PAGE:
Just up the street from the boarded-up Chicago Lake Liquors in south Minneapolis, four teens plant herbs and flowers.
It’s a hot afternoon on July 23, and they’re using an empty plot a couple blocks west of Midtown Global Market, at the corner of Lake Street and Chicago Avenue.
Two lots north, they’ve also placed flowers throughout the charred bones of a burnt-out section of Chicago Avenue. Now, its heaps of rubble almost look like a sculpture garden, where red, purple, and pink sprout out of a collapsed beam.
“We’ve provided four paid jobs for these youth, and we want more kids,” says Mary Claire Francois, an 18-year-old nursing student at St. Catherine University.
Two months after Francois launched a GoFundMe campaign, she has now raised more than $21,000. She’s hoping to raise more as part of a sponsored nonprofit she launched weeks into fundraising, called The Real Minneapolis.
Its mission is to serve the south Minneapolis community where she grew up and still lives. In the beginning, that meant providing for George Floyd’s memorial site. Now, Francois and the rest of her four-person team are paying the teens, all people of color, $14.50 an hour to tend the plants over the course of 60 hours this summer.
“We want to be able to support more people and provide them with an opportunity and a job,” Francois says, “to do something that they can carry with them the rest of their lives.”
GoFundMe to Garden
Francois’ “George Floyd Intersection of Hope” campaign kicked off on GoFundMe in late May with a goal of $1,000. She thought she’d provide water and other basic needs at Floyd’s memorial site, which is nine blocks from where she lives.
But as she met people on cleanup outings across the city, and watched non-perishables, hygiene supplies, and other donations pile up at her neighborhood community center, she realized money could work longer-term.
“These people need so much more than granola bars and just seeing people walking around and cleaning up their street,” she says.
In early June, the GoFundMe bankrolled hand-sanitizing stations, tables, tents, port-a-potties, security, medics, and other needs at the intersection. Francois partnered with neighbor Valerie Quintana, the 51-year-old owner of Bright Spot Sober Living, and Quintana’s friend Maggie Peltoniemi, 45, who lives in the Whittier neighborhood and runs a cleaning company.
By the end of that month, they had launched a website for The Real Minneapolis and spent about $13,000, mostly on the memorial site. Marni Lewis-Harvey, 46, a local marketing and brand manager who has a history of activism in south Minneapolis, she says, helped with the logo, website, Facebook page, and marketing materials.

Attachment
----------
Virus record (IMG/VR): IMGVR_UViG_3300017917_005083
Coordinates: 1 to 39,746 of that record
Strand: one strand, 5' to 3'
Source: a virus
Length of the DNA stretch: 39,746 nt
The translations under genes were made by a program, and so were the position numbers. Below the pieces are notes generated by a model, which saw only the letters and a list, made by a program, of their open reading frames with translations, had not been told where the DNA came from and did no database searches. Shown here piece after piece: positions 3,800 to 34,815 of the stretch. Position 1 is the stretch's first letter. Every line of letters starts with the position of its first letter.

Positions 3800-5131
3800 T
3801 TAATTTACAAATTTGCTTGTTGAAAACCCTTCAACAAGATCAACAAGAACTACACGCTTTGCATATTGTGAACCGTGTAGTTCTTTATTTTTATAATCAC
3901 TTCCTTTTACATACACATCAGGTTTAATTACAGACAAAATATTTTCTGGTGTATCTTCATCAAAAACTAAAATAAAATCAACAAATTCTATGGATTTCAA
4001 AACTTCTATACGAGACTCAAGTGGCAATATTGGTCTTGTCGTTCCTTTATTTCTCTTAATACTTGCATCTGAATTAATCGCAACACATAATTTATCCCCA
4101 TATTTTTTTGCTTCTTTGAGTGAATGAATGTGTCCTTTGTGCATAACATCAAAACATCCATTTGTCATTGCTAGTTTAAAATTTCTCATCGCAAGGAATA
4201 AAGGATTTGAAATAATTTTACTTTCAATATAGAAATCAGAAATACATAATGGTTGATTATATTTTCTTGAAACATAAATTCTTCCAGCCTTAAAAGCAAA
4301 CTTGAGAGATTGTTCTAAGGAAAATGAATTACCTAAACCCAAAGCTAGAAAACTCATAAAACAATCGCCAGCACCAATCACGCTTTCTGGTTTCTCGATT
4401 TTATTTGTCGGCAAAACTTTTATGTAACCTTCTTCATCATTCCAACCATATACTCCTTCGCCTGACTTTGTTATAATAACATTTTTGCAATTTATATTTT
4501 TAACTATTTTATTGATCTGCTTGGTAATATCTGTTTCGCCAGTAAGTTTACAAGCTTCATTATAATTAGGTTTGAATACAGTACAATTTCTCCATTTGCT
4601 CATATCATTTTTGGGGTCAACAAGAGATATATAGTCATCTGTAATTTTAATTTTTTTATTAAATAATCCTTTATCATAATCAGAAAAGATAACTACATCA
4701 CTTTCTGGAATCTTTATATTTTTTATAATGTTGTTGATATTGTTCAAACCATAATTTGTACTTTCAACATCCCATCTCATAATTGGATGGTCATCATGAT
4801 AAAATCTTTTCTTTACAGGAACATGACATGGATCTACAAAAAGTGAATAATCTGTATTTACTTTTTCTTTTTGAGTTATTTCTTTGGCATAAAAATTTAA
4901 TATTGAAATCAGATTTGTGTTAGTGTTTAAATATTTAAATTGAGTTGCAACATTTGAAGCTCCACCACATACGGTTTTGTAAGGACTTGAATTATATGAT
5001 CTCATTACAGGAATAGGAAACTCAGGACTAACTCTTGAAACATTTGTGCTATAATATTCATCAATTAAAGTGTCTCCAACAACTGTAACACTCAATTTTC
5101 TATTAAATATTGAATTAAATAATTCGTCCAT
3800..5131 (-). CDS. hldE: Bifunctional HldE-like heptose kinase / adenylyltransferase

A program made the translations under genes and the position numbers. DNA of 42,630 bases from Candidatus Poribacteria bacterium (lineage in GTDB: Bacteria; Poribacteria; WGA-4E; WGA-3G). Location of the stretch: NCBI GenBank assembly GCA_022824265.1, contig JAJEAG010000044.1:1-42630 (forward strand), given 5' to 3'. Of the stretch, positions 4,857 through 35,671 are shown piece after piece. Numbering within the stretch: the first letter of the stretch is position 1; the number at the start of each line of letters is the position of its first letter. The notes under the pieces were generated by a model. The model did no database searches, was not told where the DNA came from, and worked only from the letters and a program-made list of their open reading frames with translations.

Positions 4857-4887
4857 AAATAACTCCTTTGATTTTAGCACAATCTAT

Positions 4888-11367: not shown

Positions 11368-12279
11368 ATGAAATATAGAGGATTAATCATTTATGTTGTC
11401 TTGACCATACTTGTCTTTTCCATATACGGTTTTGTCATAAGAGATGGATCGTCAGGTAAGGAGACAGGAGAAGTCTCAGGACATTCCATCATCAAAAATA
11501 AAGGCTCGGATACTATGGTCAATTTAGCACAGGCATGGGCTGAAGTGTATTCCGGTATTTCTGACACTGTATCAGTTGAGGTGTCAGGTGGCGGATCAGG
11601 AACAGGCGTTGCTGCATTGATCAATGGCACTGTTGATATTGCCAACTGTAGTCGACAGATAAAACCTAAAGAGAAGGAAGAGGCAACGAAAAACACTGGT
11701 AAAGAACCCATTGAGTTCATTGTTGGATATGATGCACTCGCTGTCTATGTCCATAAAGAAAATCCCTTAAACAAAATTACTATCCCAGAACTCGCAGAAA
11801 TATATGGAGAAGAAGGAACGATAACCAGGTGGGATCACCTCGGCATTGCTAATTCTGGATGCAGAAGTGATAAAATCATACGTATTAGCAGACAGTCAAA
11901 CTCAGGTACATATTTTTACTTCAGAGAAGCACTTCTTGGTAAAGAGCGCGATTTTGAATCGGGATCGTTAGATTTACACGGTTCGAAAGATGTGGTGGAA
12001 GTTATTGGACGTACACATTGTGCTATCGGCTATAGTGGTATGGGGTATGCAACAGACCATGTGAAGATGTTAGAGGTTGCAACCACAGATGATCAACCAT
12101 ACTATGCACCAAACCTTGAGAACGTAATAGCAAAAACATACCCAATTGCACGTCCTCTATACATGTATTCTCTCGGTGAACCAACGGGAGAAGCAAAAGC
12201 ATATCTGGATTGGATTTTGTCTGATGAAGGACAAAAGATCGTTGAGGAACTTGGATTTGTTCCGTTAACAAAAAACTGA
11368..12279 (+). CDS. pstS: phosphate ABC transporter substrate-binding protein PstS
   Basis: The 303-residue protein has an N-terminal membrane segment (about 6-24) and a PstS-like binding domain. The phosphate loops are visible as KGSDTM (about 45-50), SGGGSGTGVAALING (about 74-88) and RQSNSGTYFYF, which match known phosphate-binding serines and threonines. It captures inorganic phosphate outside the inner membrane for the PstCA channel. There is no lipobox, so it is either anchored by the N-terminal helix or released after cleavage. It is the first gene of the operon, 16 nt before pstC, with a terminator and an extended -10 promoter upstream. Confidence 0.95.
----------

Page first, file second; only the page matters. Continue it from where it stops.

They also partnered with local farmers to set up a free produce market outside the Phelps Recreation Center, a block south of the intersection. Food went fast, donations slowed down, and Francois started to feel frustrated.
“I was angry that all these large corporations had stepped in and donated to some big organization, but the community that I live in—and the community that I’ve been working day and night to help—hasn’t seen any of that money,” she says.
A Note to R.T. Rybak
Fired up, she wrote an email to former Minneapolis mayor R.T. Rybak. Today, Rybak is CEO of the Minneapolis Foundation, a nonprofit worth hundreds of millions that invests in charitable projects throughout the metro.
“It was a late-night letter that I was kind of just not really focused on,” she says.
But Rybak responded.
He gave the Real Minneapolis a small donation to work with the four teens, Quintana says. The Graves Foundation, a community-building nonprofit based nearby, offered the land as part of a long-term strategy to “activate” the corner with neighbors’ input, according to the foundation. And gardening supplies came donated from Home Depot.
Francois and Quintana plan for the teens to cook using what they grow—basil in a dish with mozzarella and tomatoes, for example. “That’s an actionable skill you need for the rest of your life,” Quintana says.
They have more plans, which would require greater financial support, including a mentorship program and swimming lessons for Black youth in the Twin Cities. Quintana says The Real Minneapolis intends to partner with a professional photographer on a free series of photography classes, too. The August 7 pilot shoot for the project, called “Black Men Raising Hope,” is to feature Black men with their children, as captured by eight or 10 BIPOC students in south Minneapolis, Quintana says.
The day before the garden’s opening on July 24, Francois plugged a garden hose into the corner fire hydrant, with permission from the city to tap Minneapolis water. She couldn’t have predicted this summer. But she says it’s something she needs to do.
“I have had the privilege to be educated,” she tells me. “Because I have a white mom, and she really pushed for us to be in private schools, I’ve been private school educated my whole life.” Francois is biracial—her father is a Black immigrant from Saint Lucia—and she says that was the starting point for her GoFundMe.
“I’ve had the opportunity to educate myself, and now I’m using that, because I have the skin color of other black people out here,” she says. “That’s really what continues to drive me. How can I help people who look like me, who haven’t had as nice of an opportunity in life as I have been blessed with?”
To learn more about The Real Minneapolis, click here.